How the tour worked was this. After meeting our guide and getting into the building, she handed our kids these activity books, with eight "clues," each of which corresponded to a different gallery at the Louvre. We moved from Ancient Mesopotamia through the art of the Renaissance, and at each gallery she would pick one point of interest and teach our kids something about a particular piece of art, or a particular style of art from that time period. After that, she would give them a task. For example, "In this gallery, find another piece of art that shows the same symbols as the ones we saw here, and tell me in what city it was made." And off they would go, striding through the gallery to find the next "clue" to write down in their notebooks. At the end, all the clues fit together to spell out two specific words, which gave them the hidden location of the "treasure" which had been hidden for them earlier in the day. And throughout, of course, we got to see many of the main points of interest at the Louvre, including a stone inscribed with Hammurabi's code, the Venus de Milo, the Winged Victory of Samothrace...and, bien sur, the Mona Lisa. It really was pretty fun, and I personally learned a ton. (Disclosure: I didn't know anything to start with, so the bar was low.)








The tour ended in a most satisfying way (treasure was unearthed, and Nina even got to PUSH SOME BUTTONS in order to get the treasure out, OMG BUTTONS), and I would wholeheartedly endorse this tour as a little bit of a vacation splurge if you want to take somewhat younger kids to the Louvre and actually want the experience to be special and fun, rather than a recreation of Dante's Inferno. I think the "puzzles" were somewhat too easy for a kid Cal's age, but whatever, he would have gone to the museum happily anyway--the elaborate construct was less to sell him on the museum excursion than to sell the other two. (And anyway, scavenger hunt aside, he learned a lot from our guide, so he was happy to play along.) The educational details of the tour may also have been pitched just slightly too high for Nina, who maybe has less of a...nuanced...appreciation for art history and technique than the rest of us. That said, the guide was really good at pointing out concrete details in pieces of art that Nina could easily identify, and Nina definitely liked the activity book and filling in the words once the boys fed her the clues. And of course, at the end of the scavenger hunt, Nina was more than happy to accept the "treasure" for all of us.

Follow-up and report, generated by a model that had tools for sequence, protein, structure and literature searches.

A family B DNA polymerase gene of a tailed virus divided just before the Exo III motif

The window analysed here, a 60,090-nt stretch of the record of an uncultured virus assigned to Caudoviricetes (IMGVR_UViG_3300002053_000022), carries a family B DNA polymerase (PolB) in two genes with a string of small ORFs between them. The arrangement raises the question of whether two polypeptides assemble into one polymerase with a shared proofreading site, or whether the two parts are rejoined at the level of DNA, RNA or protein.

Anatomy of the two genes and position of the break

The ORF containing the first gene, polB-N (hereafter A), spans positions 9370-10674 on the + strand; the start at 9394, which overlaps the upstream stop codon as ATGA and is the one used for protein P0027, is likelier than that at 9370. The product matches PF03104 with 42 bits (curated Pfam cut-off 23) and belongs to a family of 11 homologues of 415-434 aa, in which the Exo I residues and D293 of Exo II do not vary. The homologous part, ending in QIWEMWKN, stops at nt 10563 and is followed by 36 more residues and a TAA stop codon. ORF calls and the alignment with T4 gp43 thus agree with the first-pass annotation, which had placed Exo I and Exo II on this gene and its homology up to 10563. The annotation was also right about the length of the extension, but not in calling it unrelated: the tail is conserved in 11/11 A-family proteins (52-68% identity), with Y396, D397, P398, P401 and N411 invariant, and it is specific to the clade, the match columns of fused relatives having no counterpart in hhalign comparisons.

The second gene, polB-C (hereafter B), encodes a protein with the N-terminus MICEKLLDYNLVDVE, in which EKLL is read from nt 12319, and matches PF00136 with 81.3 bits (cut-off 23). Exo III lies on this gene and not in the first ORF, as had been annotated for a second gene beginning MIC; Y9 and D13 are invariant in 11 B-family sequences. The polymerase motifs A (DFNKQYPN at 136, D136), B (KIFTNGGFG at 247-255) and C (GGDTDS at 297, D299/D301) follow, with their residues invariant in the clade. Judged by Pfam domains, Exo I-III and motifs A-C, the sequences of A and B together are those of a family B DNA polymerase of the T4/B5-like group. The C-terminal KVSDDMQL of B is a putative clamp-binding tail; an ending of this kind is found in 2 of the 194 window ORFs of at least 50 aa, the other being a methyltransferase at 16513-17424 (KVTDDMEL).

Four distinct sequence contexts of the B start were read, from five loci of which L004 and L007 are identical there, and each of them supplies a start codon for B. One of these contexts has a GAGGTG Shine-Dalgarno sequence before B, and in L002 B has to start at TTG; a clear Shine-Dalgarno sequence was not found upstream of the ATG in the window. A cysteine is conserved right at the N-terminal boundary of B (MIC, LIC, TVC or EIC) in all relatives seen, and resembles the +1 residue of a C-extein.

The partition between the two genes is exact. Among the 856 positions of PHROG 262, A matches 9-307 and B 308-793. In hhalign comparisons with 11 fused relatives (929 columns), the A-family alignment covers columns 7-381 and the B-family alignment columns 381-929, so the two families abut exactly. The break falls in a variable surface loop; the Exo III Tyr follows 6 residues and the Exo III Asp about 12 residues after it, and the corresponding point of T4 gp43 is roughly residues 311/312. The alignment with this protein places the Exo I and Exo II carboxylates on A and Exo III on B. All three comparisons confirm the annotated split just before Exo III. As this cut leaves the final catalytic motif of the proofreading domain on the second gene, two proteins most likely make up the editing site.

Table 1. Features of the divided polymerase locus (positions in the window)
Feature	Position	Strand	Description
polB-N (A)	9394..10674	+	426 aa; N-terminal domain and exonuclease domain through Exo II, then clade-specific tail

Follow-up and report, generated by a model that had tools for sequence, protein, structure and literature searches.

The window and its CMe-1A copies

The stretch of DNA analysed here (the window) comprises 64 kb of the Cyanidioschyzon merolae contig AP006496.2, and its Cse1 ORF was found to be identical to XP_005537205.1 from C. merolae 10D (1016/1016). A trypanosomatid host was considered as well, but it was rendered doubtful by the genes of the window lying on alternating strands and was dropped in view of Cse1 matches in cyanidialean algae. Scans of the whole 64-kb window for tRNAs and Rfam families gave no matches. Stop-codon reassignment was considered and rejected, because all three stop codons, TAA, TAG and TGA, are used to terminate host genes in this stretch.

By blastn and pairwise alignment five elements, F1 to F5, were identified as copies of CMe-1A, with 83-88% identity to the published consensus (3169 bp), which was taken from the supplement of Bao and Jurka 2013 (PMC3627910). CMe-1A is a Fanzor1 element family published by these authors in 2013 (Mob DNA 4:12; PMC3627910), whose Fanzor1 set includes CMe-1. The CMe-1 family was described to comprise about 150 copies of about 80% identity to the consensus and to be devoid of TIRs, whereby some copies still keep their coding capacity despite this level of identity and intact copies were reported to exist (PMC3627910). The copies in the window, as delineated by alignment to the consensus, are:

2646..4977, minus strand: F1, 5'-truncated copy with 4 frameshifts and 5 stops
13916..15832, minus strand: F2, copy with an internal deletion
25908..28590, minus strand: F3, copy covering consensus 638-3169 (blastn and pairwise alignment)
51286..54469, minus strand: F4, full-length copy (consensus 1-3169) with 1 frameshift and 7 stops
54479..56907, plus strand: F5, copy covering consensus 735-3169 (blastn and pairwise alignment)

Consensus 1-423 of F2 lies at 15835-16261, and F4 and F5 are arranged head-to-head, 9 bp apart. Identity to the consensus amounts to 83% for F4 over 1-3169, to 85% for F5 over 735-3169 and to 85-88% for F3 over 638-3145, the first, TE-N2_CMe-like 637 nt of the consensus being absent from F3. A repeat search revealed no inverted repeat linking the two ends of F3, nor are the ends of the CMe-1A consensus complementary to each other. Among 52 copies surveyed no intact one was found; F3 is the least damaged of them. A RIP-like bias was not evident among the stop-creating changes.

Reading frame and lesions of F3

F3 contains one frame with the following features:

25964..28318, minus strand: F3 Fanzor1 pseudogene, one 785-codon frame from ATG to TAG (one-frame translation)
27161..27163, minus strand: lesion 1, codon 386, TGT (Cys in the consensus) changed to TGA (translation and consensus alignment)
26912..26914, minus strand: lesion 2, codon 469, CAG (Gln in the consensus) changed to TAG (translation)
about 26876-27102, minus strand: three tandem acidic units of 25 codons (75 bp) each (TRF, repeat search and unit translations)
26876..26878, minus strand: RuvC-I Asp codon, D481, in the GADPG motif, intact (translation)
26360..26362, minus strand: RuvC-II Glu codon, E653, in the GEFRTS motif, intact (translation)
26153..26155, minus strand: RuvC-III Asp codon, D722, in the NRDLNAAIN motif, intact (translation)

The thing with having a spread of kids is that no one thing is really going to be absolutely ideal for everyone (unless it's, you know, a trip to the candy store) but the one thing that really pleased me is that for once, it was the activity pitched just perfectly to our middle kid, who--let's be honest--can tend to get overlooked sometimes. So finding the one activity that was right up his alley, while being fun and agreeable for the rest, was exactly the right thing for us this morning.




The tour lasted just about two hours, after which point we were happy but pretty hungry, so we got some lunch at the restaurant in the Louvre lobby (it was fine) and then headed out through the courtyard back to the Jardin des Tuileries, where we had been our second day in Paris. I thought the little kids might want to run off some of their energy at the playground there, or at the pay-to-play trampoline park (swear to God) next to the playground, but no. They just literally wanted to run, period. So they did some timed foot races for a while, and then they remembered that there was a carousel with ice cream nearby, so we did that for a bit too.






The thing we really wanted to do after the Jardin des Tuilieries was this thing:




which is essentially a giant ferris wheel located at Place de la Concorde. (I believe it is called Le Grand Roue de Paris, because...accurate.) But since we were already in Jardin des Tuileries and we were already in art mode with museum passes in our pockets, we decided to make a really quick stop (to the kids: we swear! really quick! you gotta see this though! it'll be good for you!) to visit Monet's water lilies at the Musée de l'Orangerie. I'm not going to say the kids were really gung ho about MORE ART, but I think they did enjoy the gallery itself when we got in there. Monet's pieces are displayed in these two perfectly serene white oval rooms with ambient light and four curved canvases each, and even though Joe and I didn't do as good a job as our guide at the Louvre, we tried to explain a little bit about Impressionism and the significance of these pieces of art. I also noted that Claude Monet PROBABLY had glaucoma, which seems like it would be more Joe's purview, but whatever, I got there first.





All that crappy LEARNING dispensed with, we were now free to enjoy Le Grand Roue de Paris. Some logistical things to know. It is much smaller than the London Eye, so all "pods" are single party, and our family of five all fit into one. The ticket prices were as you would expect--$12 for adults, $6 for kids aged 3-10. The ride does not go fast (translation: if you're a weenie about heights, you don't feel a dropping sensation as you're moving down), and you go around the wheel exactly twice, which gives you a chance to snap the pictures that you missed the first time around. Go on a nice clear day, bring your camera, and it's worth it.






We Uber-ed back home after that point to do some preliminary packing (other practical notation: Uber service in Paris is very robust), and headed back out to Les Cocotte for dinner, because it was our last night and we wanted to eat somewhere nice. Our flight back to Atlanta leaves tomorrow at 10:35am, and though not one of us is quite ready to go home, I like to think that we just have ample reason to plan a return trip in the future. If and when I can, I will try to do a recap when we get back of our Paris apartment itself, with a pictorial walk-through and a review of our rental experience. Until then, wish us safe travels in the morning, and that all our deep venous structures may stay free of thrombosis. À bientôt!